Re the tuck sit, there is really no problem clicker training a tuck sit without scooping the hind end in. I don't see that what you described is hurting anything, I just wanted to say that it is equally easily accomplished (with most dogs) without the hands.

  5. I start all my new puppies with 'hands on' training. In fact before I ever start any behavior training, I am teaching them that I can touch them anywhere, any time and can put their parts wherever I want. If they struggle, I wait them out and then release and reward. I don't allow teeth on skin or out-of-control rough play. I teach a 'stop button' for when play gets to rough. I never allow teeth to touch skin or clothing (not even accidentally), but all other play is fair game.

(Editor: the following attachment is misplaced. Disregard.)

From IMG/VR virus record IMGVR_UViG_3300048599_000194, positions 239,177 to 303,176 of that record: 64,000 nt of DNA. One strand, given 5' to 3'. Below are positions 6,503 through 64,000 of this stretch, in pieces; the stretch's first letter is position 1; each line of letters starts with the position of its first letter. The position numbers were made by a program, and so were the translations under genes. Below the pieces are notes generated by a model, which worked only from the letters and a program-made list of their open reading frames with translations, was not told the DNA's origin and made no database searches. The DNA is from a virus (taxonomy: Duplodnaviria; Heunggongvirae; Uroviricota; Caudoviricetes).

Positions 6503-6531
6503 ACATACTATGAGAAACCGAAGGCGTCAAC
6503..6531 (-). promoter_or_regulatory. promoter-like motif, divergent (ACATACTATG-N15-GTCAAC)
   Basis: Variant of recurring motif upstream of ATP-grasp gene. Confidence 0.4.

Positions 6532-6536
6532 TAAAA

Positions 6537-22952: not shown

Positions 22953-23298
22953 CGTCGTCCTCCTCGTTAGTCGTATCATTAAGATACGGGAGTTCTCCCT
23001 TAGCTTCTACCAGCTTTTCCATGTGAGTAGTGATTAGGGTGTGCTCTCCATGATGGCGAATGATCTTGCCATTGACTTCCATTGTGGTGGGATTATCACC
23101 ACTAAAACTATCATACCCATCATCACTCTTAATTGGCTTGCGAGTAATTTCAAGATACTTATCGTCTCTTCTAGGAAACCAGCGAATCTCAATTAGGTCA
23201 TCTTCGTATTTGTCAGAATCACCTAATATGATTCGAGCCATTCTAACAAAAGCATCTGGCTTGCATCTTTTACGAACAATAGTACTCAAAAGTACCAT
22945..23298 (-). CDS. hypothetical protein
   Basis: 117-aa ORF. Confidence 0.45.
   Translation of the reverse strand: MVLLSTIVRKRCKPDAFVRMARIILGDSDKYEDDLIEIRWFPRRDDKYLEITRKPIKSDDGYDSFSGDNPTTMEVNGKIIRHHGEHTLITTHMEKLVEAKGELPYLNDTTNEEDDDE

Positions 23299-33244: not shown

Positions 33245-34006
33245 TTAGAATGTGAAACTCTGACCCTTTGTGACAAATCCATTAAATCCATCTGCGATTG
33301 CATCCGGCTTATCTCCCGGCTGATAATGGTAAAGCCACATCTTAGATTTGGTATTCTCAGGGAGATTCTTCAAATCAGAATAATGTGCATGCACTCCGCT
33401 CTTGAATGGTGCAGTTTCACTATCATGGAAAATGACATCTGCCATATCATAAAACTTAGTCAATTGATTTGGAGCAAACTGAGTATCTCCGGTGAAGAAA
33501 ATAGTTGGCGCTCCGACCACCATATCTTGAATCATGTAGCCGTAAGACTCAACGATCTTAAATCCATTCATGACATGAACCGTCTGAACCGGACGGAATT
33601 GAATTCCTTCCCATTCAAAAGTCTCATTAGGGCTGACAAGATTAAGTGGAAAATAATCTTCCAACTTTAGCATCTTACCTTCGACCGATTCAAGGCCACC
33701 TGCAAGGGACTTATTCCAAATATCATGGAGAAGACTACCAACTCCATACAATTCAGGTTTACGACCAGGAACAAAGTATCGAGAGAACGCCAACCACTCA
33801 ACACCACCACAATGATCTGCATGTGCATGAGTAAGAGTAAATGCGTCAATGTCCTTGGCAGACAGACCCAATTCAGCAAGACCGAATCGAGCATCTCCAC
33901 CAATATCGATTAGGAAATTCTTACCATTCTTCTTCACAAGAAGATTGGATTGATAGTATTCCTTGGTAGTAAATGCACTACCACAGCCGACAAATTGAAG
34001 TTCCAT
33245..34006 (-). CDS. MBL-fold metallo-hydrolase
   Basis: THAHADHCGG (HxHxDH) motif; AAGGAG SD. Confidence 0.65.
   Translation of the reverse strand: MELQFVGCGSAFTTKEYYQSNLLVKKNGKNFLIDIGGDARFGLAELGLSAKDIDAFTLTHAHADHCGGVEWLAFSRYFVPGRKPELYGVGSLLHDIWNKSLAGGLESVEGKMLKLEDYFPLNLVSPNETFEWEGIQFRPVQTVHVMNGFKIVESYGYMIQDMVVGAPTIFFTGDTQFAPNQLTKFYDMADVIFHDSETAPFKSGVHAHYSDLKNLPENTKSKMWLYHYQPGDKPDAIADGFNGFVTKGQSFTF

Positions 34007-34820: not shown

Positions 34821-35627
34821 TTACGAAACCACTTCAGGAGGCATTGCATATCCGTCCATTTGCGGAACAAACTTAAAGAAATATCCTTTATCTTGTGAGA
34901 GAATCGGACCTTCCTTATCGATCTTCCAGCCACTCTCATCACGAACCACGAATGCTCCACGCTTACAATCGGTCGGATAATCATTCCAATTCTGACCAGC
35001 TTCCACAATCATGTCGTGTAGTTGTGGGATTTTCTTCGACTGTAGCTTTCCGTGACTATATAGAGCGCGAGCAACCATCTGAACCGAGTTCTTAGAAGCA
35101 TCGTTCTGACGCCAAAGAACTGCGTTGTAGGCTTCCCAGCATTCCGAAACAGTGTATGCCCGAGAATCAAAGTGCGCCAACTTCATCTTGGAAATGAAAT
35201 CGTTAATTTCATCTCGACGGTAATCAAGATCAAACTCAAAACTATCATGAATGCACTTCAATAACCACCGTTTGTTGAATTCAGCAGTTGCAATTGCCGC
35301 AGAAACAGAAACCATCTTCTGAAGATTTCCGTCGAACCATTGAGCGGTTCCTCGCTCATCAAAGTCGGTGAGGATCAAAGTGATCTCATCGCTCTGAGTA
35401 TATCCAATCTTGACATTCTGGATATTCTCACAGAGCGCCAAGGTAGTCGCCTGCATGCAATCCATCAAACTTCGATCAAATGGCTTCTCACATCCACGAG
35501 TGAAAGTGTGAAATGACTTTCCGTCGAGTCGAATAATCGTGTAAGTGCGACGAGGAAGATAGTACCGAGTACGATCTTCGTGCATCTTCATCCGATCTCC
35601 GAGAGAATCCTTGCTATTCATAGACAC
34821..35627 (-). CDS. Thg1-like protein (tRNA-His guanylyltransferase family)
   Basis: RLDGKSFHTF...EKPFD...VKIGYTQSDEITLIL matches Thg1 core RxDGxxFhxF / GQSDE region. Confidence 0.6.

I also start teaching my puppy with the clicker - targets, sit, down, wait, name recognition, etc. But I also use my hands to be sure the learned behavior is what I want in the obedience ring. But I mostly do hands-on molding with both praise/rewards and consequences for errors, much like Melissa does, whether it is just withholding the reward, marking it with an 'oops' or a collar pop or ear pinch. (Call the police - I'm abusing my dog!)

    The biggest benefit of teaching a dog with your hands is that you get to touch your dog! And in an emergency, you don't have a dog saying 'what the heck?' when you grab at its collar or pick it up.